It’s a reasonable US military policy to be ready to fight anyone if the need arises. It’s not a reasonable US policy to pick a fight with the Russians by provoking them along their borders.
Do American voters face a policy choice between neoconservative belligerence toward Russia and a blowhard who has been known to hang out with Russian mobsters and who now — whether seriously or in jest — invites Putin to wage computer warfare against his election opponent? If Russia indeed cares to tip the balance, what is Putin to do?
The choice for the Russian leader is not obvious. Half of Hillary Clinton’s party is in the antiwar camp and will not readily accept a new military adventure. Half of Donald Trump’s party is appalled at the potential effect of his wild foreign policy pronouncements, one of which appears to be a retreat from Western guarantees of the Baltic states’ independence from Russia.
Sure, Putin might like an apparent rusophile in the White House, except that this particular one would be dangerously unpredictable. Having dealt with Napoleon and then Hitler, Russians tend to be particularly wary of maniac adversaries. (They had Ivan the Terrible and the non-Russian Josef Stalin, but generally draw different conclusions about those guys than Americans do.)
Rivals, allies or ever-changing mixes of both — those are all basic US-Russian paradigms with which both countries can live as the need arises. The ruin of both is avoided only if ways are found to limit the mutual damage that can be done by hostilities getting out of hand. In the worst case scenarios the costs of failure are expressed in terms of body counts but it would be foolhardy to discount the economic disasters that can happen without a shot being fired.
The people of the respective countries are not going to agree on things like the practical definitions of freedom, strength and safety. But there is a shared interest in having leaders who understand the math of decisions made or not made. A failed relationship between two major powers is not something that can be easily walked away from, like, say, from a bankrupt casino.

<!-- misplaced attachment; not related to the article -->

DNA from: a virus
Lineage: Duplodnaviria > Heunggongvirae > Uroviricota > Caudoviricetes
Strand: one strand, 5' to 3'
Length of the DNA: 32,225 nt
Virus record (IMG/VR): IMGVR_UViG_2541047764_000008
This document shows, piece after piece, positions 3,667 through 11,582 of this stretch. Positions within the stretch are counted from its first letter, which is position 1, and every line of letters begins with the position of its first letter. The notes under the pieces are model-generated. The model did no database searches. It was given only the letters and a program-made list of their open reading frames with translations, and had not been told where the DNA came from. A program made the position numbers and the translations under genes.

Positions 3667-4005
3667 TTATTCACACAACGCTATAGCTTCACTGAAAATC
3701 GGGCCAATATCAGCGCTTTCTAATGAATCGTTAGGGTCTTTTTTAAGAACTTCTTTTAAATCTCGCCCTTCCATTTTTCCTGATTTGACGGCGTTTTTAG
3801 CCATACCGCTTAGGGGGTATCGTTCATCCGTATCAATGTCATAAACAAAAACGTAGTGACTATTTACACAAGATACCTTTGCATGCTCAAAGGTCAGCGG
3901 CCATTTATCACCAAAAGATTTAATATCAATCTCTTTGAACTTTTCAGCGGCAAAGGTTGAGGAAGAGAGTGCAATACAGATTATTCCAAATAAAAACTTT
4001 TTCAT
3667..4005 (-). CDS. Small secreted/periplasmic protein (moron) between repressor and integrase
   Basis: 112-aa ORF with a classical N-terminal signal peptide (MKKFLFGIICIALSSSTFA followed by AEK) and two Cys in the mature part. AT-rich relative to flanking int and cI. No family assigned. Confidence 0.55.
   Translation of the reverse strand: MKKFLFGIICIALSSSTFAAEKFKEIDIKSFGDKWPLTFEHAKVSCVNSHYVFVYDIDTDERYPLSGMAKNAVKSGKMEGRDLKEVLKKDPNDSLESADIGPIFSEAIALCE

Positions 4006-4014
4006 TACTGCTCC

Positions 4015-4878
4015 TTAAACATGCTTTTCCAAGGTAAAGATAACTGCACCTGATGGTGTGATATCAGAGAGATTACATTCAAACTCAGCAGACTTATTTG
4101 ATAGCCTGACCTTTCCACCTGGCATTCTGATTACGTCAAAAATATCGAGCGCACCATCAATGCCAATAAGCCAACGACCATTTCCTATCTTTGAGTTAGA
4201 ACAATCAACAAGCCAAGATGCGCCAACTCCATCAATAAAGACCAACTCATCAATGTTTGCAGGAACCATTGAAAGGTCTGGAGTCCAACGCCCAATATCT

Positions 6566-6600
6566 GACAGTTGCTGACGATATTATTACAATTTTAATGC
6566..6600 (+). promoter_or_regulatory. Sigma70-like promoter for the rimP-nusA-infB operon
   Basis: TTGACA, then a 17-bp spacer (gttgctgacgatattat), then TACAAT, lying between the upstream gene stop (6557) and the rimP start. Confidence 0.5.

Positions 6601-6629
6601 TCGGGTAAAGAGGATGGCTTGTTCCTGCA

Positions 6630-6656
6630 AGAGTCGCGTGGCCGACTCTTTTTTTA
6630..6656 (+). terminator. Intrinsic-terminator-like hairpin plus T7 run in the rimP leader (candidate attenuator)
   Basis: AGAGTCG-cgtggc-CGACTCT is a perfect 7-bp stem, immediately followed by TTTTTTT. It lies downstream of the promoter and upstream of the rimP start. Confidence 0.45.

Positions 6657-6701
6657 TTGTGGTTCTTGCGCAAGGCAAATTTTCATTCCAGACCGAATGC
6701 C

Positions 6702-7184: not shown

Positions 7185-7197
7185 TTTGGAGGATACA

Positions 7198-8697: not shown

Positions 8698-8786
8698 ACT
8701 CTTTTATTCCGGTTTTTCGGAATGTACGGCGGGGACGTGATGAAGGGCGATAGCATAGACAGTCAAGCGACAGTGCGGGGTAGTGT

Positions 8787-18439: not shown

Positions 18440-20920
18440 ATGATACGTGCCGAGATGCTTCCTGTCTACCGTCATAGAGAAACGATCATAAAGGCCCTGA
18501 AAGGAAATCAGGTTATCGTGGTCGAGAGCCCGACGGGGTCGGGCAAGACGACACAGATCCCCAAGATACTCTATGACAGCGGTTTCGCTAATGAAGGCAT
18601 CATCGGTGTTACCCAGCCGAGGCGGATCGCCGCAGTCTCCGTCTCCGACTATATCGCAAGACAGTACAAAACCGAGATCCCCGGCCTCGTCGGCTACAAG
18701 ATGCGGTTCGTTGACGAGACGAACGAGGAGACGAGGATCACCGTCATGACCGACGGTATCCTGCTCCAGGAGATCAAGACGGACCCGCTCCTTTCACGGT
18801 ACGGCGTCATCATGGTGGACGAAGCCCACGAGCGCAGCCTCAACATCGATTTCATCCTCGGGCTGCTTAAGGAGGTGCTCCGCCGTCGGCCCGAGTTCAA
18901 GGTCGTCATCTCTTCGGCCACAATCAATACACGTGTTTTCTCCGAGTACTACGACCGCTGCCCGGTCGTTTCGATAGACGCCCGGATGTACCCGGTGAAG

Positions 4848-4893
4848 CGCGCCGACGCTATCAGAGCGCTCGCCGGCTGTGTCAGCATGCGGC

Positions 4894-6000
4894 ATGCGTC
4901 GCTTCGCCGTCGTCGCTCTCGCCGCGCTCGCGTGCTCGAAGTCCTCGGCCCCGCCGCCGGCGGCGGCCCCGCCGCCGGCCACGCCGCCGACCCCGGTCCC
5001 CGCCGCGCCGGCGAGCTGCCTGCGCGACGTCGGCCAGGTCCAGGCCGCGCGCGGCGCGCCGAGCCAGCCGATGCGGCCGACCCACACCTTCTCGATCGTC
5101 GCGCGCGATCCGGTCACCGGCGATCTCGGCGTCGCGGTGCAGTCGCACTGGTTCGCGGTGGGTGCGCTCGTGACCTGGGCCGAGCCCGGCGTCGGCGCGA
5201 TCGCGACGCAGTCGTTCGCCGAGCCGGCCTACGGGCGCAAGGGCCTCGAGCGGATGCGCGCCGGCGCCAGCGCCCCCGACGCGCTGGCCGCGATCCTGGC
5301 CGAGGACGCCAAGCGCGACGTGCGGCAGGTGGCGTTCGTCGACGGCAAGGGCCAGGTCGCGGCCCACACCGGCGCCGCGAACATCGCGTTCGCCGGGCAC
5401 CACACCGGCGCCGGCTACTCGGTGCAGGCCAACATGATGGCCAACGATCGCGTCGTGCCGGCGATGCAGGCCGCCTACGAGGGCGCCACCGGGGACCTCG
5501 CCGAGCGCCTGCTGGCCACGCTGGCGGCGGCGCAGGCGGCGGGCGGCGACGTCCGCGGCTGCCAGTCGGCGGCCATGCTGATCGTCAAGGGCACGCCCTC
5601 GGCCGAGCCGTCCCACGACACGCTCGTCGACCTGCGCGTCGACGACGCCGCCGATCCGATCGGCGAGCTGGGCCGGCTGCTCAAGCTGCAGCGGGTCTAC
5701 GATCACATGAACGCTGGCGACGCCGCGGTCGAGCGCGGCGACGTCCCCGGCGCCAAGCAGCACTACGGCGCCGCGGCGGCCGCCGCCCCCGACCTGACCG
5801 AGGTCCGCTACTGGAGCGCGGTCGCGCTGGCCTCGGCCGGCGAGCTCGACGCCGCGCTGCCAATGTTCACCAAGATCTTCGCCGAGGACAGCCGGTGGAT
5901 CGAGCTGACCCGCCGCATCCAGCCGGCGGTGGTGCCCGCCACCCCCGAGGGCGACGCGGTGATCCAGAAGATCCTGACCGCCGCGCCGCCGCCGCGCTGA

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After a month of internal bickering, the Panameñista Party caucus in the National Assembly decided to make deputy Jorge Ivan Arrocha head of the Budget Committee, the most sought-after post in a legislature that’s set up by the constitution as a political patronage sop to the political caste in a system dominated by a strong national executive. (Back when the constitution was written, that centralized executive power was held by the top military commander, but since the 1989 invasion it’s the president.) In a fragmented and realigned legislature wherein most of the deputies of the two largest party caucuses, the PRD and Cambio Democratico, have thumbed their noses at their respective party bosses, the ruling alliance among Panameñistas, PRD dissidents and CD dissidents assigned the chair of that committee to President Varela’s party, the Panameñistas. Up stepped Panameñista legislator Carlos Santana — almost a caricature of the grasping machine politician with a hyperdeveloped sense of entitlement — who cited a succession deal from last year’s version of the alliance, by which he would be the next chair of that committee. But the thing is, his fellow party members in the legislature despise the guy, and they voted to choose Miguel Salas instead.